Oak Associates Funds
didn't notice any tech weakness.
The broad shellacking felt by tech stocks has put the average tech-sector fund down 1.5% through July 31, according to
. Some notable losers such as
Jacob Internet have fallen more than 50%.
But the Oak family of funds has been impervious to the reacquaintance with gravity that bedevils many of its tech-fund brethren. The Akron, Ohio-based firm's
Red Oak Technology fund, run by Oak Associates founder James Oelschlager and co-manager Doug MacKay, has racked up a 43.8% gain this year. That gain is the tops among tech funds open to individual investors all year. Its sister fund, the
White Oak Growth Stock, is run in a similar manner and is up 29.1% on the year. A smaller sibling, the
Pin Oak Aggressive Growth fund, is up an impressive 27.9%.
The Oak fund family's big-tech bets and concentrated style -- none of the funds have more than 25 holdings -- make comparisons to the
family inevitable. But in performance for 2000, the comparison ends, with Oak ahead by a mile. The same risks from highly concentrated stock bets that apply to Janus also apply to Oak funds, but, so far, the fund family has held up strong.
So, what did Oak buy that set it apart? "It's really what we didn't own that helped us," says MacKay. "We tended to stick with infrastructure. That's why we weren't in the top 10 last year." Nonetheless, Red Oak's 143% gain last year left few investors complaining.
Not only did Oelschlager and MacKay avoid the dot-coms but they also sold out of some bellwethers early this year that took their share of lumps during the tech bruising. Red Oak dumped its shares of
before those stocks turned south. At the end of June, though, White Oak was still holding onto Microsoft.
The Oak funds have instead focused on semiconductor names. In all of the funds, technology occupies a big portion of the portfolio. Pin Oak, which is classified as a mid-cap offering, has a 95% tech weighting. Red Oak, meanwhile, is 100% pure technology.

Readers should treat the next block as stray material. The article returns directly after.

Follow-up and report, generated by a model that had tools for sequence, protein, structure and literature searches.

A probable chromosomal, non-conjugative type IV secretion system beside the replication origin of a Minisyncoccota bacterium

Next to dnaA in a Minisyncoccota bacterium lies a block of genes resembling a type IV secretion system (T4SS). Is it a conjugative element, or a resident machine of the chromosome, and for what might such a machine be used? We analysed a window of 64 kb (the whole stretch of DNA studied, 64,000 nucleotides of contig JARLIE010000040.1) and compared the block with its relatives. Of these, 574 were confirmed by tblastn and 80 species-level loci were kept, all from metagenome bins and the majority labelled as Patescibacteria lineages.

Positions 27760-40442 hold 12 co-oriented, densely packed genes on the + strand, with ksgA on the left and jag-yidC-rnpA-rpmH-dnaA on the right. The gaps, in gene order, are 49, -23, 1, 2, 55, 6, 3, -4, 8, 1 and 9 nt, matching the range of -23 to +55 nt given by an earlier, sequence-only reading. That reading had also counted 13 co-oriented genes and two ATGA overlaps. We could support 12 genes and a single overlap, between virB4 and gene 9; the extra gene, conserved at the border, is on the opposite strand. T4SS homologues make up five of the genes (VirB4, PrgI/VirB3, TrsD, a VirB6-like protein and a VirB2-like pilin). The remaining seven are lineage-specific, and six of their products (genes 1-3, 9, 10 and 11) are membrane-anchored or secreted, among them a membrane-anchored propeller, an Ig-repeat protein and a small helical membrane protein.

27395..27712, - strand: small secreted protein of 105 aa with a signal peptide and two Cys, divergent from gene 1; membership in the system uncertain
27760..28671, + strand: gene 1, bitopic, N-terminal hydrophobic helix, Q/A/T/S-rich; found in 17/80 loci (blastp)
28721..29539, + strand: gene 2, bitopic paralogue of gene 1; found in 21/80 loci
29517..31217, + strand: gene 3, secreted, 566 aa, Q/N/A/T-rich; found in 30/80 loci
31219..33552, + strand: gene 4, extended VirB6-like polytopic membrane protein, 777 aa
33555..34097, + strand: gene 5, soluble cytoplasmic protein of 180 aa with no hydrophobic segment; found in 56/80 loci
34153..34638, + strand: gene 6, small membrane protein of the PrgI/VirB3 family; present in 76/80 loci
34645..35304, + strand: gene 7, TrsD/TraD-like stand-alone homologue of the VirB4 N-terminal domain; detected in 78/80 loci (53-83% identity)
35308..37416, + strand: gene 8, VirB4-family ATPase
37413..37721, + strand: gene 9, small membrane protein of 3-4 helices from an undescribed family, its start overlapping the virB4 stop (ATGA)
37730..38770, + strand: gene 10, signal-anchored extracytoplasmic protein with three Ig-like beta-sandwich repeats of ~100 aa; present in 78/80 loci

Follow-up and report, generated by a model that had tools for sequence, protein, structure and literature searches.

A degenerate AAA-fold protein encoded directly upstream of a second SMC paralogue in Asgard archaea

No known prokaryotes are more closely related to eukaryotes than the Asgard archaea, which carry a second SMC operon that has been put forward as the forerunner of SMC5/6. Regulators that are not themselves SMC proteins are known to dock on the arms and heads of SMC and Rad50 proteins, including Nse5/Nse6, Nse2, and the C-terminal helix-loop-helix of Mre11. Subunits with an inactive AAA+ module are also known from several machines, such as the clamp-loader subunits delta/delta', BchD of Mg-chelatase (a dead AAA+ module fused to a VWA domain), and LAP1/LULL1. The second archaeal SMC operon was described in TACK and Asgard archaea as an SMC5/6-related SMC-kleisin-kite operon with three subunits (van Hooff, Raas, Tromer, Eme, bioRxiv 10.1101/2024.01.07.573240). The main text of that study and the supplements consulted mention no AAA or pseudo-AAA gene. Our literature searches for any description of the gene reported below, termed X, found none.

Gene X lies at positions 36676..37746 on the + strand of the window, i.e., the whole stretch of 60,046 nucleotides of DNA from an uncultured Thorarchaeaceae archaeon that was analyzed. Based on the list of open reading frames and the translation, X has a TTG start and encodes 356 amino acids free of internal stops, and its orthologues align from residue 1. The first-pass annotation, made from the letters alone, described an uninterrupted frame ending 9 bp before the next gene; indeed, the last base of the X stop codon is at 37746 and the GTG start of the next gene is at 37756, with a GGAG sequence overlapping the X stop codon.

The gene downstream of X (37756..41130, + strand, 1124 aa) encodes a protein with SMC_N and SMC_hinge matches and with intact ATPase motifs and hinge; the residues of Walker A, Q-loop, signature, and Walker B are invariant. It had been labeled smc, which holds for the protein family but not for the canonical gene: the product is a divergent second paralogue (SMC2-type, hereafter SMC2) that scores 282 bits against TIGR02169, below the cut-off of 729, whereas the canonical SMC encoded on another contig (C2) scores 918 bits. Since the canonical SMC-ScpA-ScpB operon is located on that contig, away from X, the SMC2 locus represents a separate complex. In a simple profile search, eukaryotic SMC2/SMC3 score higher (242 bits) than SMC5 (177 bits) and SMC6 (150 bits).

White Oak, which has a broader mandate, also loads up on tech: The 54% allocation in that sector dwarfs the 21% allotted to runner up health care. As of June 30, eight of its top 10 stocks were in the sector. But Oelschlager has also identified other possible winners. He's got considerable stakes in pharmaceuticals and biotechs, such as
. In financial services, the fund owns
"If Warren Buffett were to invest in technology, maybe he'd be like Jim (Oeschlager)," says Aviva Casanova, portfolio manager with the financial-advice firm
Emery & Howard
of Burlingame, Calif. "He has conviction in his stocks and lets the market come to his conclusion."
Although he showed smart timing by selling off some big stocks, Oelschlager has made his name by his buy-early-and-hold-tight approach to tech investing.
at the (initial public offering) in 1991, and he continues to hold onto it," Casanova says.
Red Oak has about a quarter of its assets allocated to semiconductors. It's also fond of fiber optics, with another 25% going in there, says MacKay. Because of the fund's concentrated style, portfolio managers find only a few stocks within each of the subsectors they are emphasizing. The fund goes for stocks such as
Maxim Integrated Products
, makers of analog chips.
But before loading up on this fund family, observers advise caution. While the funds have had a great run recently and they are skippered by an investing veteran, there's significant overlap.
Since the funds are run in a concentrated style, a duplication of a handful of stocks can leave the funds vulnerable to an across-the-board whammy. Currently, White Oak and Red Oak have six out of 25 names in common, MacKay says. Stocks such as
are in each of the funds. This concentration begs comparisons with Janus, and Janus has
felt the pain when one of its big holdings, such as
Even the mid-cap Pin Oak is dressed up in some of the same stocks as her bigger sisters. It has nine stocks in common with White Oak, as of June 30.
"I wouldn't recommend that people own more than one of these funds," says Casanova.